Ottawa is expecting a massive increase in photo radar revenue. Here’s why.
Photo radar cameras in Ottawa are issuing so many speeding tickets that the city needs to spend more than $2 million on a new processing centre to deal with the volume.
The city is installing 23 new photo radar cameras this year, more than doubling the number of cameras across Ottawa.
But the expected crush of tickets means the Toronto centre where they are sent won’t be able to process most of them, according to a city staff report.
“With the installation of more cameras, it’s inevitable we have to take this and do it in our own city,” said Coun. Tim Tierney, chair of the city’s transportation committee.
If the city builds its own processing centre instead of sending the tickets to Toronto, it projects to net more than $58 million from photo radar tickets next year.
“It doesn’t go back into our general coffers,” Tierney said. “It actually goes directly into road safety.”
TORONTO CENTRE CAN’T HANDLE TICKET LOAD
Right now, photo radar speeding tickets issues in Ottawa are all processed at a joint processing centre in Toronto, which is dealing with an increased load from across the province.
The tickets must be processed within 23 days, but in 2022, only two-thirds of Ottawa photo radar tickets were processed within the time limit.
This year, the Toronto centre has capped the number of Ottawa tickets it will process at 250,000.
That represents under 40 per cent of the projected charges for the year. The city of Ottawa estimates 370,000 of the infractions won’t be processed, leading to millions in lost revenue.
The proposal would see the city of Ottawa spend $2.4 million to establish a local processing centre to deal with the tickets.
It would also involve hiring 30 full-time positions, including a program manager, clerk, analyst, three supervisors and 24 provincial offence officers.
The centre would take up about 30,000 square feet in a city administrative building,w hich would need to be retrofitted. The aim would be to have it operational by 2024, when another 20 speed cameras will be put up.
The revenue differences are stark. By 2024, if a new centre isn’t built in Ottawa, gross revenue would be limited to $16.3 million.
But with the new centre,the city projects a whopping $66.3 million in gross revenue from photo radar speeding tickets in 2024.
They would cost just over $8 million to process, netting the city more than $58 million.
‘I THINK IT’S MORE OF A CASH GRAB’
Residents have had mixed reactions to the increasing number of speed cameras in Ottawa.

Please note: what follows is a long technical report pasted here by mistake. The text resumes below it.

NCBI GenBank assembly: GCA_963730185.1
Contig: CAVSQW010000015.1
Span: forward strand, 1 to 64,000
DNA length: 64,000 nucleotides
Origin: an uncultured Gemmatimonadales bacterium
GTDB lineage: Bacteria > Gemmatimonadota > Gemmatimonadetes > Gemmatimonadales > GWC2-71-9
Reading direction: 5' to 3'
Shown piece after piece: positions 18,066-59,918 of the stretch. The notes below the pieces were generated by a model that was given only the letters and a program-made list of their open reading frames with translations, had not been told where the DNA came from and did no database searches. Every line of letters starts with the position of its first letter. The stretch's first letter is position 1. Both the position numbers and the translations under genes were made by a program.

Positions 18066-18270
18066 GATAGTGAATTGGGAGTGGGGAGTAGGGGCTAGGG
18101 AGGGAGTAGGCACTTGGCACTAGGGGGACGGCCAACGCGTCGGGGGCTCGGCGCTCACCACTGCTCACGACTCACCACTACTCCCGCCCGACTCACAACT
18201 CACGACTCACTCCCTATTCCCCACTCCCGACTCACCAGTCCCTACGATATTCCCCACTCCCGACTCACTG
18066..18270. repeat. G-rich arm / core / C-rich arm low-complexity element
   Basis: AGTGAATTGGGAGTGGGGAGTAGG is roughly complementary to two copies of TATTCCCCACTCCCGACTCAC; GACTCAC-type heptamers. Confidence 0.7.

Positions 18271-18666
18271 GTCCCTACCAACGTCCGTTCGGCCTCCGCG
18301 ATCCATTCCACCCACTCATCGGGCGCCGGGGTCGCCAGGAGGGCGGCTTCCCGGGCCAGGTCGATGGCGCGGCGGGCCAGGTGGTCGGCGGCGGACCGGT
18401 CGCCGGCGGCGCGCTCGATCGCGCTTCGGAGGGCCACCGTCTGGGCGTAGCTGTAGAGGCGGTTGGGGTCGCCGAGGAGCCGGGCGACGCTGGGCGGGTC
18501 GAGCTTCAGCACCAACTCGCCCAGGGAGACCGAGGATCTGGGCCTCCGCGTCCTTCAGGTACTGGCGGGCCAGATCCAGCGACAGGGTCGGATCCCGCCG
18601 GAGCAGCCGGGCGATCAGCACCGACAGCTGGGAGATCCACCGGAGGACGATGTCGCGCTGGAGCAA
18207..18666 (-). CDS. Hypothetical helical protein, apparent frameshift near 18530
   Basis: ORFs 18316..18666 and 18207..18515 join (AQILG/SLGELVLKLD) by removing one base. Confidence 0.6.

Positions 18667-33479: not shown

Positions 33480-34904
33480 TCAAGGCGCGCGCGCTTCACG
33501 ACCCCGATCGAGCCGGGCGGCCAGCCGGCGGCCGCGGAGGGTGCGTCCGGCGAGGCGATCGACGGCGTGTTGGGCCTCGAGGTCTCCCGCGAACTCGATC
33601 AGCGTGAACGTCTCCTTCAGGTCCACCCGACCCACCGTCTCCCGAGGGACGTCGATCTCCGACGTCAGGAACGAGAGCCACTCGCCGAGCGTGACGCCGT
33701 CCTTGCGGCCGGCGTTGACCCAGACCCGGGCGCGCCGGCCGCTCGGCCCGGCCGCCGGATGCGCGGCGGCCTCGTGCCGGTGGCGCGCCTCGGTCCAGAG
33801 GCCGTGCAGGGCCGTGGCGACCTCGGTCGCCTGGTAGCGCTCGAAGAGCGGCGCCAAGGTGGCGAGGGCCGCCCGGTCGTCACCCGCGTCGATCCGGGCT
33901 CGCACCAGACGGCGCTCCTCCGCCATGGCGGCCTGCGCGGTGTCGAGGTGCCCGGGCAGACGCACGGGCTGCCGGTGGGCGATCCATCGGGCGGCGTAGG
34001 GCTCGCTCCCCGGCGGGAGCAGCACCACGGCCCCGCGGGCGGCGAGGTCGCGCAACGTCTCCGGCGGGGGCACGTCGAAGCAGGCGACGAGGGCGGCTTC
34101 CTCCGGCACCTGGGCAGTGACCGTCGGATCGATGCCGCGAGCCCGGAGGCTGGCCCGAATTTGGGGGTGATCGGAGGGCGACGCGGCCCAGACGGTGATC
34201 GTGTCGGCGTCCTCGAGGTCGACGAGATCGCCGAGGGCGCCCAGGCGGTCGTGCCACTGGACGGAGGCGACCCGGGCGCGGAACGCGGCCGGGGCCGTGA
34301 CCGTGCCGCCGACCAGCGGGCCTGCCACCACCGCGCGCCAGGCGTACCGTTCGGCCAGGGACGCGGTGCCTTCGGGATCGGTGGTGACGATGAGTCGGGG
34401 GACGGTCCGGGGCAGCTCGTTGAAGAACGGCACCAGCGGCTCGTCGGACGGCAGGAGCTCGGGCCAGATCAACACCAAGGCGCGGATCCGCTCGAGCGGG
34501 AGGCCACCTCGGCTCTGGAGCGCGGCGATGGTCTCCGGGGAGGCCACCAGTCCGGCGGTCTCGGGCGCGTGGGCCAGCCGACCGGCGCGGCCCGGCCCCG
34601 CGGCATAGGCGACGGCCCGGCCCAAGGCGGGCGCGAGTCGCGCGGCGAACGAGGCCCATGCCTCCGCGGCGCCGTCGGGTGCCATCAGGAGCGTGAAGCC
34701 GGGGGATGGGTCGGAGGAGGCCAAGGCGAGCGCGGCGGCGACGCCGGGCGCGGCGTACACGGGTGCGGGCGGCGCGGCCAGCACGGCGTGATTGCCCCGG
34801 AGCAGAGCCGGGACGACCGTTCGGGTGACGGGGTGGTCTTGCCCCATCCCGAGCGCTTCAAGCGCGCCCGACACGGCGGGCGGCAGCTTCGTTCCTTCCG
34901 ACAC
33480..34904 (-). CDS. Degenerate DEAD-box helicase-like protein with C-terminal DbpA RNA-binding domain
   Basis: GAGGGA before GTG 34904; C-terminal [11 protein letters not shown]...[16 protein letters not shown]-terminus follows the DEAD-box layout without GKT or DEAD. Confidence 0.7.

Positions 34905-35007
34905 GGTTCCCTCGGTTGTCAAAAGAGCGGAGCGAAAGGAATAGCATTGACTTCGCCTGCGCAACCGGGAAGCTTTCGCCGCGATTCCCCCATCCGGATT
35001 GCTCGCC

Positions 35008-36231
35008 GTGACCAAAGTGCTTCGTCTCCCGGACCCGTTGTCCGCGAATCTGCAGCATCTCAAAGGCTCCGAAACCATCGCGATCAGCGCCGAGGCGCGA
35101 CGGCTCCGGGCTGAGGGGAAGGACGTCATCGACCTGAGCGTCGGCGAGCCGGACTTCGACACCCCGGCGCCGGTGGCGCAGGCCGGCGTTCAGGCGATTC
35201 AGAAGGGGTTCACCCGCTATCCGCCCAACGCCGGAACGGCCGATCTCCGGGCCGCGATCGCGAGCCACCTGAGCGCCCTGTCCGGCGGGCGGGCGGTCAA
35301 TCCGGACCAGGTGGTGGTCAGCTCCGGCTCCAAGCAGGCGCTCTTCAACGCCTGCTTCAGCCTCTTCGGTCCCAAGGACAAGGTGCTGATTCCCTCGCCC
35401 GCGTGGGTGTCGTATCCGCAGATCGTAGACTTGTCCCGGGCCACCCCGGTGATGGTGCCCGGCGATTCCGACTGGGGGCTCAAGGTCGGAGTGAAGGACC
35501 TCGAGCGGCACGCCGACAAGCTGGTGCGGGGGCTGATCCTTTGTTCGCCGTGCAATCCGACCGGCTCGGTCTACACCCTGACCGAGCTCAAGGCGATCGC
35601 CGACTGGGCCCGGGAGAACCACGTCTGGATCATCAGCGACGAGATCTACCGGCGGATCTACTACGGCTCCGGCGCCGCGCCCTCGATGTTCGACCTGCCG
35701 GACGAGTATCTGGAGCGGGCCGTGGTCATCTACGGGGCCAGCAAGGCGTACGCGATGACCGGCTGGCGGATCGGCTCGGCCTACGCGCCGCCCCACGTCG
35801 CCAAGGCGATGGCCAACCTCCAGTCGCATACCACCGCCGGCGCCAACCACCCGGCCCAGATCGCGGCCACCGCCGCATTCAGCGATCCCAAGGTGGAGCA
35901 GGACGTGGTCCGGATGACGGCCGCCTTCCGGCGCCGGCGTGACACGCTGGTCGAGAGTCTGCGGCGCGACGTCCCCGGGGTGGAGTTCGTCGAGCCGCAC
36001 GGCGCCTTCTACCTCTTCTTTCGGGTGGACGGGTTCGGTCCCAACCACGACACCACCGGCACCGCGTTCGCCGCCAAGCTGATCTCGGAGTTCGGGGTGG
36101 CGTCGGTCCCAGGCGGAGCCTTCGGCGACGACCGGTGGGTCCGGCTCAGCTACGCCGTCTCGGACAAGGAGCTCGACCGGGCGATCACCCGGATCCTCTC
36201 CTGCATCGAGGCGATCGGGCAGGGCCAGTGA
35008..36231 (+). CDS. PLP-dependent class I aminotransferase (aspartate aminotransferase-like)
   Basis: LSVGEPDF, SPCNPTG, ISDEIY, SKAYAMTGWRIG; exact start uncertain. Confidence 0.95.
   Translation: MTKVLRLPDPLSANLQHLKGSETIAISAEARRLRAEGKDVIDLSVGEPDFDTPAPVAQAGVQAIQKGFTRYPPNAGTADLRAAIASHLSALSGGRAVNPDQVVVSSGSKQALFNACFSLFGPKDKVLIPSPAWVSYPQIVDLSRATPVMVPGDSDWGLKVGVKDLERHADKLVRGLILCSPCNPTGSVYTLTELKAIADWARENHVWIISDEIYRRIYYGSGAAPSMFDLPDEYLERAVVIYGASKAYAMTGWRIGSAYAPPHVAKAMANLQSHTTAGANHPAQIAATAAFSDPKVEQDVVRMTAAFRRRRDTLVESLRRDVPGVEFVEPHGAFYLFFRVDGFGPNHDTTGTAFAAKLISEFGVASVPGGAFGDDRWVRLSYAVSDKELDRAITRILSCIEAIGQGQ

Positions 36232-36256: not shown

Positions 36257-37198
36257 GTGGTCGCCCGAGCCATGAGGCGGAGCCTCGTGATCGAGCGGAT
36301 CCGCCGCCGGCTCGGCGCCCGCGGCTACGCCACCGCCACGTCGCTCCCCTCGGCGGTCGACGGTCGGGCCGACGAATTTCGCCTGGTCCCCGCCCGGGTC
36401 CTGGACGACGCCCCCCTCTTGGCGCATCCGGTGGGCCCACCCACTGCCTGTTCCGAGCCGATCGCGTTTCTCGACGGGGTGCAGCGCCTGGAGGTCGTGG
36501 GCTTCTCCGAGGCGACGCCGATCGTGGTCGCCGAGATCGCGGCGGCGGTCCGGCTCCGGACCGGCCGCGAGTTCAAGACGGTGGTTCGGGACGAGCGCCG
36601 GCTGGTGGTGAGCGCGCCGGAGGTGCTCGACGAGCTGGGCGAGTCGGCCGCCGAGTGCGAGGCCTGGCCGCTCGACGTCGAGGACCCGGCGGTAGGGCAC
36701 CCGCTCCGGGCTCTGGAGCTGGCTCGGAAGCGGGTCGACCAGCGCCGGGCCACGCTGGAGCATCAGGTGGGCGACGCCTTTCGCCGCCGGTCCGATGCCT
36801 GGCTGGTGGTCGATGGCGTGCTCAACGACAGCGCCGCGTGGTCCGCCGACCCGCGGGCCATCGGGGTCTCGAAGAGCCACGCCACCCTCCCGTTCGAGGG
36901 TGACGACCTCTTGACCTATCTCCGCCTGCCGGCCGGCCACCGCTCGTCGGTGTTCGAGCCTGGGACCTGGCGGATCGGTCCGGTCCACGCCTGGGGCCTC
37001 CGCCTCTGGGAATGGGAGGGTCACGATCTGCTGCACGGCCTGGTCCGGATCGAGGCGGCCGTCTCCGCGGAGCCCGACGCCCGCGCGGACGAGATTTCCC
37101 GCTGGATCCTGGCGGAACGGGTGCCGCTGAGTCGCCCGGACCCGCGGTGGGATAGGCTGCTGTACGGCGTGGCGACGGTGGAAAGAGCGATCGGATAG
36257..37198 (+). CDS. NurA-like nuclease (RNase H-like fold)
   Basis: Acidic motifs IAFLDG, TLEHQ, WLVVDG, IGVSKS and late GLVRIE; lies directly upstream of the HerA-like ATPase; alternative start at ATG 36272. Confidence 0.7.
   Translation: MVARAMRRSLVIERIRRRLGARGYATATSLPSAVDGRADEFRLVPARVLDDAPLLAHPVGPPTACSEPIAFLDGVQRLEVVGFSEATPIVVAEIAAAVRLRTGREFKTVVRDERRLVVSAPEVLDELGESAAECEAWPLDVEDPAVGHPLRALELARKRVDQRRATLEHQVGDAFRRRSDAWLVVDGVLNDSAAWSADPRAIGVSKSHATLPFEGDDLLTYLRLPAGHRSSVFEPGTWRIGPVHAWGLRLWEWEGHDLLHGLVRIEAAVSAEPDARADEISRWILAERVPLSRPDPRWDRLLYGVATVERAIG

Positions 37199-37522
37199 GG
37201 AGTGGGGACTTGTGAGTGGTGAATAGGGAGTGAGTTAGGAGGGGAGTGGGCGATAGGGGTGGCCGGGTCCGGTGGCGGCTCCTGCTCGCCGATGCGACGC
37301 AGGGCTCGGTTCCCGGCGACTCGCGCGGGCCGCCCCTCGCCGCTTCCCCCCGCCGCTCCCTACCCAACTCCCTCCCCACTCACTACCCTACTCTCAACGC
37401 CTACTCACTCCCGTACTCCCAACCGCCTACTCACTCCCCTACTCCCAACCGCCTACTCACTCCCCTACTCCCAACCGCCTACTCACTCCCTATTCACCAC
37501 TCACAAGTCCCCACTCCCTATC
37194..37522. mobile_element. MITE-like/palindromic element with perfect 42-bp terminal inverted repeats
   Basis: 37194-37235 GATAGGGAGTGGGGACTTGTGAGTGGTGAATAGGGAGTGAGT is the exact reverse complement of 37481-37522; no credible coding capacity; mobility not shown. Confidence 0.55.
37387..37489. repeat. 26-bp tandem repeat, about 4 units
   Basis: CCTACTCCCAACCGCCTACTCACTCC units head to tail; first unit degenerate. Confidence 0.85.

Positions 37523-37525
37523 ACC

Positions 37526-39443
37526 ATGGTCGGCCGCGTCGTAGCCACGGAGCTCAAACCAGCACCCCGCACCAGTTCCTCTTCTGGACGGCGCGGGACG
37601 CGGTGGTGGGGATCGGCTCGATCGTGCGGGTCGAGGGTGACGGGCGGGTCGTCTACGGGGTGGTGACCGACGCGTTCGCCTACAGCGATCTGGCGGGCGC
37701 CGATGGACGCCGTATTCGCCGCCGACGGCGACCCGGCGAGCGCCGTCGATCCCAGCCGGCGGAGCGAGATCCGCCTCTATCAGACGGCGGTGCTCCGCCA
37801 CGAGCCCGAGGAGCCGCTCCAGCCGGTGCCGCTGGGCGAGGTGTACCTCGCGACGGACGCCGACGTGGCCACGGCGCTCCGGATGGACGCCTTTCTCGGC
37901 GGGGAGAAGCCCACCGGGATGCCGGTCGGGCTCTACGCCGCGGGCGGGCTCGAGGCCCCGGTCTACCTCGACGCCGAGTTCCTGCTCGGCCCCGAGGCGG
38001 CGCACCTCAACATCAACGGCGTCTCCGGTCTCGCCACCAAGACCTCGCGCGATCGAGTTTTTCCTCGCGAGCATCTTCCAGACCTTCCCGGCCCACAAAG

Olga Medina, who lives near a community safety zone in Barrhaven with a speed camera, said she thinks the cameras work “somewhat” but wants to see more enforcement.
“With many kids here trying to cross drivers are rushing and rushing and they don’t stop,” she said.
“We need more police presence,” she said. “They installed the camera, but I don’t believe the camera is enough … people are still speeding.”
Medina said she wants to see revenue from the cameras go toward more traffic calming measures, such as a new stop sign along Longfields Drive at Via Verona Avenue.
“If you want me to be honest, I think it’s more cash grab, they are making a lot of money with the cameras, but what about safety?” she said. “
Jason Dingsdale lives near Chapman Mills Drive, in Barrhaven, where a new speed camera is slated to be installed.
“I think it’s necessary along here, especially,” he said “There are three schools along this road and far too often I see people just flying down this road.
“I think it’s going to help slow the traffic, the traffic has even slowed around here since they put up the warning signs that it’s coming.”
PROCESSING TICKETS CUMBERSOME
Right now, to process all the tickets, Tierney said a bonded member of Toronto’s processing centre has to drive to Ottawa, use ladders to get the chips from the cameras, put them in a locked vault and drive them back to Toronto for processing.
He said processing the tickets here is the next logical step in the program.
“I wish we weren’t going over the 250,000-ticket cap for processing in Toronto and if it dropped, I would be happier,” he said. “But with the installation of more cameras it’s inevitable we have to take this and do it in our own city.
“Those will all be funded through the program itself, so it’s no cost to the taxpayer.”
The city’s transportation committee will debate the plan to build a new Ottawa processing centre at its meeting next Thursday.
– with files from Tyler Fleming, CTV News Ottawa
View original article here Source